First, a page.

Dale HICKEY<br/>
<em>90 white walls</em> (1970) <!-- (front 3/4 left ) --><br />

black and white photographs, fibre-tipped pen on cardboard, enamel painted wooden box and fibre<br />
(a-mmmm) 8.0 x 8.0 cm (image) (each photocard) (a-mmmm) 8.0 x 15.9 cm (sheet) (each photocard) (nnnn-rrrr) 8.0 x 15.9 cm (sheet) (each index card) (ssss) 9.5 x 18.4 x 15.1 cm (box) (closed)<br />
National Gallery of Victoria, Melbourne<br />
Gift of Mr Bruce Pollard, 1980<br />
AC68.a-ssss-1980<br />
© Dale Hickey

Cataloguing the Collection

90 white walls (1970)

The work of a cataloguer is never done.

Many ‘fully’ catalogued artworks are just one conservation treatment shy of full medium analysis, one census record short of a complete artist’s biography, one eureka moment away from a confirmed production date, title or attribution. While the task of cataloguing is a process of discovery, cataloguers aspire to know what’s what. We secretly like our art signed and dated and believe that the only good reference is a primary one. The term ‘mixed media’ makes us cry.

The Cataloguing Department records and verifies the physical and historical particulars of art in the NGV Collection in collaboration with curators, registrars and conservators. Our goal is to one day see each and every artwork fully documented and described and we aim to ensure that the terms of reference used are as consistent as possible.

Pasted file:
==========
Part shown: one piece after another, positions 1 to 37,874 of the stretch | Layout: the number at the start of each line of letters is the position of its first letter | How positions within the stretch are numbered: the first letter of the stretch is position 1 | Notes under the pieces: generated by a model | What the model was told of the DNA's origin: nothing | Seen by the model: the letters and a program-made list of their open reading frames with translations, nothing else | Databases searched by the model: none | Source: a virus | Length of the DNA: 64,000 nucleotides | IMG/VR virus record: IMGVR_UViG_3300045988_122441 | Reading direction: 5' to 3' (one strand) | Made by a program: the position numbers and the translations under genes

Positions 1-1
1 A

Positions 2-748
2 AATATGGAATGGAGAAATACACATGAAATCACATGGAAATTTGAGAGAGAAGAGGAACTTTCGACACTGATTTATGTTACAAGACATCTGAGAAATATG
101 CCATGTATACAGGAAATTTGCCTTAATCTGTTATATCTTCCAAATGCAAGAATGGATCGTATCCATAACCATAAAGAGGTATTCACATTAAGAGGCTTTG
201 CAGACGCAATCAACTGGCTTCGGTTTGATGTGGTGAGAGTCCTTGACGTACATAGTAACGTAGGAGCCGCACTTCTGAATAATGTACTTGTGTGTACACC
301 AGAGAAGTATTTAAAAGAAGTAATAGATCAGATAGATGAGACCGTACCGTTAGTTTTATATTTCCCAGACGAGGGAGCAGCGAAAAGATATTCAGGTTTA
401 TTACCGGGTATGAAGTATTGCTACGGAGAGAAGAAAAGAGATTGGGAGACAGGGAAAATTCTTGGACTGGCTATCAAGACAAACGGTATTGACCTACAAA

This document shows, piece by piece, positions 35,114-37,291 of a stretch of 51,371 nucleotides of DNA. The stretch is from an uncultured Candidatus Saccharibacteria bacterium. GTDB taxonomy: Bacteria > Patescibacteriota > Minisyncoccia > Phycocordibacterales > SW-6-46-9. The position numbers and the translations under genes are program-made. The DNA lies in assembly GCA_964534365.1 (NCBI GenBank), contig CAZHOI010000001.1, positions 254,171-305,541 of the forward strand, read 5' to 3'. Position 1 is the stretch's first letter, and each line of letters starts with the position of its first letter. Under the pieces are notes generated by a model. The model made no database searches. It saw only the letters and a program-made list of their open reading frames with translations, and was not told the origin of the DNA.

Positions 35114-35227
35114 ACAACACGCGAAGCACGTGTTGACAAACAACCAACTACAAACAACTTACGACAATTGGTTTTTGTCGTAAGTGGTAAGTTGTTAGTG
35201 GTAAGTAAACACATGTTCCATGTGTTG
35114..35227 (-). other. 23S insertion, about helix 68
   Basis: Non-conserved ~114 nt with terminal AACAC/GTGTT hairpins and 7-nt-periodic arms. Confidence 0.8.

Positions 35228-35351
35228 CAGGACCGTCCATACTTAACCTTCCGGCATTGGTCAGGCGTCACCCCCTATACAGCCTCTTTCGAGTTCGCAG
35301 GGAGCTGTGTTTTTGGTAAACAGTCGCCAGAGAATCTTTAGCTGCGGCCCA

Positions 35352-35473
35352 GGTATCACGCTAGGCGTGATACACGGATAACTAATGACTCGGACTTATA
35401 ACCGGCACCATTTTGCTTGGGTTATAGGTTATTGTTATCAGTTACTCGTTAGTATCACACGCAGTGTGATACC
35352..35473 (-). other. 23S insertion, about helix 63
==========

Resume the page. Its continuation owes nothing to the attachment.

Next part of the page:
Cataloguing takes patience, perseverance, attention to detail…, and it helps to be a bit of an art nerd. With one foot placed in collection management, another in research and a toe or two in art handling and conservation, cataloguers require a broad range of skills and often train as curators, archivists, conservators or artists before discovering that the path they tread leads to…, Cataloguing Land.

Although the NGV’s Cataloguing Department has little in common with a theme park, it does sometimes feel like another world. Our work is carried out behind the scenes, often in storage, sometimes in conservation labs or photography studios and occasionally in gallery spaces or private homes. The tools of the cataloguing trade are many and varied – they need to be. The NGV acquires a broad range of art – Australian, International, Ancient, Contemporary, 2-D, 3-D and digital.

We work with hefty bronze sculptures, delicate ochre paintings and intricate installations. We hold our breath as we lift fragile ceramics to check the base for inscriptions, we climb ladders and drill lids back onto storage crates. Our ‘useful box’ contains a variety of tape measures, set squares, torches, magnifying lenses and of course gloves. Of equal importance are our research tools. We utilise a number of traditional and online resources including books, catalogues and magazines, local and international archives, databases, indexes, auction records, and newspapers.

The information compiled by cataloguers is shared with you in a variety of ways. It makes its way on to display labels, appears in published exhibition checklists and image captions for media kits, brochures and even postcards of works in the collection and is also accessible online.

During my years as a cataloguer I have worked with a wonderful variety of artworks and through them I have learnt that there is a great deal to see at the NGV.